Call of Juarez: Gunslinger PlayStation 3 Review

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When I began my first session with Call of Juarez: Gunslinger I wasn’t quite sure what to expect. Techland has been all over the proverbial scoreboard with it’s Call of Juarez series in the past. Having never played the previous installments I probably don’t have the bad taste that The Cartel left in mouths of fans. So, I had that going for me, and from what I’d seen Gunslinger exhibited real promise.

Call of Juarez: Gunslinger has you reliving the highly elaborate bounty hunting career of Silas Greaves. Along the way you’ll run into some of the West’s most legendary and volatile figures. Names like Billy the Kid, Butch Cassidy, and the James-Younger Gang (whose tirade ended in Northfield, MN – What What!) are an everyday occurrence for the skilled tracker. Silas’ colorful past is accentuated by his strong motivation to avenge the death of his brothers, who along with him, were lynched by a group of poor losing gamblers.

Techland put together a solid premise and delivered plot points in a very unique fashion. Silas’ tale begins to unfold after he walks into a saloon in Abilene, Kansas and is subsequently recognized by one of the patrons. Most of Gunslingers story unfolds during quick graphic novel like cut scenes, and I enjoyed the second method in which narrative was delivered even more. Small bits of information, anecdotes, and flat out lies are strewn about in real time during gameplay. This is effectively dispensed by slowing down the action and getting all sepia toney while Silas either fills in a minor detail, or is called out as a liar by a member of his audience (is he embellishing on purpose?). I thoroughly enjoyed this particular method of storytelling. On many occasions I’d have just mowed down a group of enemies when Silas, or one of his spectators interjected with the real account of happened on that specific occasion. In the old west, or any time before the internet really, word of mouth made stories varied and unreliable. Many times said stories were heavily exaggerated by it’s perpetuators, or the surviving participants. Silas’ bounty hunting career is no different.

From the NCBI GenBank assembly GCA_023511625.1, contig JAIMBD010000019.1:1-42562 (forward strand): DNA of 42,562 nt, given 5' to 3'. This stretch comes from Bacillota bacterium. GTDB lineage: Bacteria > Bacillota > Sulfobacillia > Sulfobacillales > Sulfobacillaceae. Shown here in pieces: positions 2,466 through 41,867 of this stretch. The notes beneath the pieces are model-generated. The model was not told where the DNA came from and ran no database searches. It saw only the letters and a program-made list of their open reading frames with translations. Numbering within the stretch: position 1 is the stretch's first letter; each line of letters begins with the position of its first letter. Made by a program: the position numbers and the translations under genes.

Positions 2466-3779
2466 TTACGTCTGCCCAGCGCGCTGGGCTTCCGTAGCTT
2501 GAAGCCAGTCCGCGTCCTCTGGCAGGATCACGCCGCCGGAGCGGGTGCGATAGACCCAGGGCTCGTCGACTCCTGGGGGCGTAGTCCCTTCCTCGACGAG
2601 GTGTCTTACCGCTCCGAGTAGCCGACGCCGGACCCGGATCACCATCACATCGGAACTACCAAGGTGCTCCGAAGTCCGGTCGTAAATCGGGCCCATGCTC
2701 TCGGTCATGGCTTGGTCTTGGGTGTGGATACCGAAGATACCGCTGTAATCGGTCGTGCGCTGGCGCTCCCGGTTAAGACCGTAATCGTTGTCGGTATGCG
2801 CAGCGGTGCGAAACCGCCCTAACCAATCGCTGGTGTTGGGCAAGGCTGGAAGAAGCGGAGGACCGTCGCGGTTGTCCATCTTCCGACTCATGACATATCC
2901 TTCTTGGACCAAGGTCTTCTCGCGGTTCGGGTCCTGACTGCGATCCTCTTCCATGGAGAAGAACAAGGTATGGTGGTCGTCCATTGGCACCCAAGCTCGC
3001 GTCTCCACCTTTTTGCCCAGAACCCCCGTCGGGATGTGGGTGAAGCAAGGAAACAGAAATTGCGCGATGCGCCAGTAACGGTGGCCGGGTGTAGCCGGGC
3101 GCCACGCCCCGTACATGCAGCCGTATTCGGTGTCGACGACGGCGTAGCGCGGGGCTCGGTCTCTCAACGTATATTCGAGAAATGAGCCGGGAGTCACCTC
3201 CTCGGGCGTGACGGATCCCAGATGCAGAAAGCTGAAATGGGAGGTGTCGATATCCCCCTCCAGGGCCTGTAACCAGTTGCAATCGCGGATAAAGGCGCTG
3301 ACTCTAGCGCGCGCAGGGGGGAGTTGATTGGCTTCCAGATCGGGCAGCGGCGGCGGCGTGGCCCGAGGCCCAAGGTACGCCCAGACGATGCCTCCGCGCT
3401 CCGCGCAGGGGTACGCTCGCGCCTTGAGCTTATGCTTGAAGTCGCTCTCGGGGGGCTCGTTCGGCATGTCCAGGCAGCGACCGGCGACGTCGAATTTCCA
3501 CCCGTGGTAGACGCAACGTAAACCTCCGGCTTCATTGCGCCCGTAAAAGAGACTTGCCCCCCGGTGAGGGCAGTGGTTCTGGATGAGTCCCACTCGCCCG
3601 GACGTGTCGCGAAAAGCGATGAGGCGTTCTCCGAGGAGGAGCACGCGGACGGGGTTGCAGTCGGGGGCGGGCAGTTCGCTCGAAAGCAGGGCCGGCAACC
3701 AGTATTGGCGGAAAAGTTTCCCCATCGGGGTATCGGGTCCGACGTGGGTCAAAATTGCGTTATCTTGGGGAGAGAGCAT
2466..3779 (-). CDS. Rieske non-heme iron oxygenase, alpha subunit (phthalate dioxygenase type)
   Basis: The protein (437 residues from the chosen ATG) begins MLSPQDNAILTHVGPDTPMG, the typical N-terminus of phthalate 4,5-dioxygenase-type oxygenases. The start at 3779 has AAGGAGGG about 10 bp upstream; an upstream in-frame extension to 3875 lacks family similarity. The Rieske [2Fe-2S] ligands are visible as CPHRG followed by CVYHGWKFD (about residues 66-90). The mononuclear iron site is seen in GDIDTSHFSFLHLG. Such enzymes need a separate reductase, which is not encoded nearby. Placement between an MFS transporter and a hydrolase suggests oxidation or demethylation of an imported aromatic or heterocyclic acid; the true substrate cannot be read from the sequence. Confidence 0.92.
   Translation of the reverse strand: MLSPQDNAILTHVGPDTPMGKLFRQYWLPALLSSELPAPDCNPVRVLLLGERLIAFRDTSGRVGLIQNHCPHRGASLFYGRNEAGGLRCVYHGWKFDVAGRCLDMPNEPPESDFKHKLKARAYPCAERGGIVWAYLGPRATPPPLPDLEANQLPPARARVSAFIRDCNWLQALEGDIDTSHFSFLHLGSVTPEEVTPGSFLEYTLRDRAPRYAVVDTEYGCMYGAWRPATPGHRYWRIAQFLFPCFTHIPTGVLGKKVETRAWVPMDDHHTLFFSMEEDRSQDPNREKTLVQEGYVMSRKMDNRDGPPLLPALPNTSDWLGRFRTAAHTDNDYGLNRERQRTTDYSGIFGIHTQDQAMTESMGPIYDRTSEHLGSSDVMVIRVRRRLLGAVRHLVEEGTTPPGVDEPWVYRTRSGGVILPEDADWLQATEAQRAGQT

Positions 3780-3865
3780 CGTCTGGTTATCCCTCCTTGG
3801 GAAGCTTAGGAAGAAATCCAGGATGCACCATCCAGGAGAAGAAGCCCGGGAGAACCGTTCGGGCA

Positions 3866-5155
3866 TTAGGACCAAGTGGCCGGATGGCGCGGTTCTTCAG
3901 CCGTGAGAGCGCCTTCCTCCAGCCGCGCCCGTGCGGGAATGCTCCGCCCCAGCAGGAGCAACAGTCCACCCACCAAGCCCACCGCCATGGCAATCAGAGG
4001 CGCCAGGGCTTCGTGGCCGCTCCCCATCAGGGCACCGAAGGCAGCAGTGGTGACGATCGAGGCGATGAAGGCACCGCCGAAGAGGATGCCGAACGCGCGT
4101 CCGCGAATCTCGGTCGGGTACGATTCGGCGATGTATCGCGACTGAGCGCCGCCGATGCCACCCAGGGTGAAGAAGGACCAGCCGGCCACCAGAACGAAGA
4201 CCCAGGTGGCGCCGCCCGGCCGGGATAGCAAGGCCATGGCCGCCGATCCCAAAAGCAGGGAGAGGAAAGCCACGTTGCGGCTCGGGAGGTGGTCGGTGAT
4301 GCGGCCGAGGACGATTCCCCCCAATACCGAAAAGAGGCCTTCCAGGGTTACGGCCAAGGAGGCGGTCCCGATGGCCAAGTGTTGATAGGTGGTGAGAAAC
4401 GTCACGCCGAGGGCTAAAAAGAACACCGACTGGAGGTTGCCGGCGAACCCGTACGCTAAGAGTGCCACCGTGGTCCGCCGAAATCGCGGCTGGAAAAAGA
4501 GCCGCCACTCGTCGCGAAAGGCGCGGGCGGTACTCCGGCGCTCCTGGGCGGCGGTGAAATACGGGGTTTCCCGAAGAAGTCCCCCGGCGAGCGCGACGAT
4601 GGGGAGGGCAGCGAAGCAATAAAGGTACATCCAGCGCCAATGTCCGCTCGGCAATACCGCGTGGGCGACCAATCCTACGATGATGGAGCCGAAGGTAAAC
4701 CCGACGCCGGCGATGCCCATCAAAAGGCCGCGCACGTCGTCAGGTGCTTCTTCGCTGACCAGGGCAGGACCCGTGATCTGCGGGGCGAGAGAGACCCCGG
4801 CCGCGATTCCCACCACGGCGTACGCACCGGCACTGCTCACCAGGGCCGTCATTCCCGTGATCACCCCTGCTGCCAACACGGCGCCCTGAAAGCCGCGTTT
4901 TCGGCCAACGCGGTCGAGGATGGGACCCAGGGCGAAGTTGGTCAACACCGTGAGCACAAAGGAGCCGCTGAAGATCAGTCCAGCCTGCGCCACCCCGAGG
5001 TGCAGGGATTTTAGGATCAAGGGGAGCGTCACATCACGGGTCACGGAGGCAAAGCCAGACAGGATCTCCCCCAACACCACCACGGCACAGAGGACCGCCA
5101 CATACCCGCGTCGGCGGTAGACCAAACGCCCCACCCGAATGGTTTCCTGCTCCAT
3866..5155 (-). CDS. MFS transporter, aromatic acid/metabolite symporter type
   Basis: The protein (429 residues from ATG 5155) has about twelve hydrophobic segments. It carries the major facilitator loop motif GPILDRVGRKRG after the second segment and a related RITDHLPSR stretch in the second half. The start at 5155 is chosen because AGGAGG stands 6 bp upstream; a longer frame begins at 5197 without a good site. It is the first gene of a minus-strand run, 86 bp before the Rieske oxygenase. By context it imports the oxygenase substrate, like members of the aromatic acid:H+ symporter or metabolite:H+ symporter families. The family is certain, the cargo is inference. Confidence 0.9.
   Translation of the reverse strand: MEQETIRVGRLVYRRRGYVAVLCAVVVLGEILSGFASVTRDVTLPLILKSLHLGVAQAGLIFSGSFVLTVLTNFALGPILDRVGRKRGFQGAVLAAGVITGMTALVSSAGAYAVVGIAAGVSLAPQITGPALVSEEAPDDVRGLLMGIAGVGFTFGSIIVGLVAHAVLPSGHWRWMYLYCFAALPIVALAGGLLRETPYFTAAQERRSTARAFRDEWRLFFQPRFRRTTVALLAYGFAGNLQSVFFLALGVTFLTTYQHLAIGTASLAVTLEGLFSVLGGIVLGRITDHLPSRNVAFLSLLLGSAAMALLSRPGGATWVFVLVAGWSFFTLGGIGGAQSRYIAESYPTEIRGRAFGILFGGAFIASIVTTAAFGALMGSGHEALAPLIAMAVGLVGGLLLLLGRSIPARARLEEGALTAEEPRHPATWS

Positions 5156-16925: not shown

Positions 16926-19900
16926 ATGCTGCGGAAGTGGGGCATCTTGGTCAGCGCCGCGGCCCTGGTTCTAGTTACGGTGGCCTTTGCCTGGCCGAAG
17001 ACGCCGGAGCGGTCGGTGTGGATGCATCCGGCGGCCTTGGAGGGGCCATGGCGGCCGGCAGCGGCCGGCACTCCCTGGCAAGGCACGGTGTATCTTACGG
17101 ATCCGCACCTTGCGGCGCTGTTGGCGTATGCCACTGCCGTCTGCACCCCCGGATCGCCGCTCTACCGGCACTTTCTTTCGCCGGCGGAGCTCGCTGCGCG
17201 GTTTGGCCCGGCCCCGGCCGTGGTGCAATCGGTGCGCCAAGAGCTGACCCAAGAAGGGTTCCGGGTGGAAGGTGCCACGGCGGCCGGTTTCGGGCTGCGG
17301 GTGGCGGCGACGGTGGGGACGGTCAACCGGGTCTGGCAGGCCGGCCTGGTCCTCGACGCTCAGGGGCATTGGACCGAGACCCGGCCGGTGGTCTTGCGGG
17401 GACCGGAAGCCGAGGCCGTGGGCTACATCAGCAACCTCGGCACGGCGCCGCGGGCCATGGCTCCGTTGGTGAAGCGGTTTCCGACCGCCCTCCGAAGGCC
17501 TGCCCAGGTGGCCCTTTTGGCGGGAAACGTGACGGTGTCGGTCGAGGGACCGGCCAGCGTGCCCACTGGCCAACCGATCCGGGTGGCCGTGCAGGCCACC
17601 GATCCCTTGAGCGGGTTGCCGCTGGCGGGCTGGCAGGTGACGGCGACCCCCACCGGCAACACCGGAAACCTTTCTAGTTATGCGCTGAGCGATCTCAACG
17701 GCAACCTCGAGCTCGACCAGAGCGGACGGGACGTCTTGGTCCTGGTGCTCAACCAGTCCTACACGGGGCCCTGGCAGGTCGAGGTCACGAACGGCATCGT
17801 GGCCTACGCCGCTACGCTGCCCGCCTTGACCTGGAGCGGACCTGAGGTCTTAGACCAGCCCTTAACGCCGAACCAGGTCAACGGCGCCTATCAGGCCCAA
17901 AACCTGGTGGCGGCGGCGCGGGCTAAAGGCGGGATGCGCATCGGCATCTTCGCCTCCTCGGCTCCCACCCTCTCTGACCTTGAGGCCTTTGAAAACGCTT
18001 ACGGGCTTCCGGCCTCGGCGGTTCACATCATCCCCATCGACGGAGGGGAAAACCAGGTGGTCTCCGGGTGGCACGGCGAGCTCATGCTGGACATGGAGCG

Gunslinger’s visual presentation rivals most full retail priced titles. The use of a monotone color palette highlighted by contrasting vibrant tones help to emphasize settlements, forests, and mountainous environments effectively. Points of interest are highlighted yellow to stand out from static, non-interactive objects. Character models are elaborate and individual, especially when encountering high profile outlaws.

As far as un-holstering your six shooter and spitting lead goes, everything feels tight and precise. There were occasions when I had to double take thinking I’d hit someone center mass, but otherwise target tracking felt slick and weapons like the rifle had decent weight to them. The addition of ‘Concentration Mode’ made things all the better. When engaged enemies are outlined in red, and time perception is slowed to offer a real advantage to Greaves. This feature coupled with ‘Sense of Death’ (the ability to dodge an incoming bullet that would render you vulture chow) make Gunslinger shine. Duels provided slow paced, tense encounters, but the mini game was the only aspect of gunplay that didn’t feel accurate. This may have been due to loose analog sticks, or highly sensitive mechanics. Either way it was my only real frustration with Gunslinger. In some instances I found it exceedingly difficult to effectively focus and ensure proper timing prior to my enemy drawing his weapon. One particular duel late in Gunslinger’s story helped wipe away past frustrations with gusto (I won’t spoil it).

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A three tier skill tree lets you focus on the aspects of combat you find advantageous. Do you prefer dual wield pistols? Long range encounters? How about splattering foes with your scattergun? You have the ability to dump skill points into each branch, or focus mostly on a specific set. I chose to assign most of my points to the pistol and rifle specialties since they complimented my play style. Hidden items called ‘Nuggets of Truth’ are scattered throughout missions to add a bit of incentive to the small amount of exploration afforded.

I didn’t experience many issues with Call of Juarez: Gunslinger. The aforementioned distaste for duels was joined only by lengthy load screens and strange AI behavior (ex. enemies repeating movements) on rare occasions.

All things considered I enjoyed my time through the eyes of a now elderly bounty hunter. The dime book stories that never take themselves too seriously coupled with fun combat and innovative storytelling tactics left me rather pleased after my near seven hour playthrough.

+ Grandiose plot that never takes itself seriously
+ Unique storytelling methods
+ Great graphics for a downloadable title
+ Engaging combat

– Duels felt less precise than general combat
– Longer load times
– Rare AI bugs

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Dylan Zellmer

Dylan splits time between games journalism, designing video games, and playing them. Outside of his deep involvement in the games industry, he enjoys It’s Always Sunny in Philadelphia, Shameless, A Song of Ice and Fire, fitness, and family.
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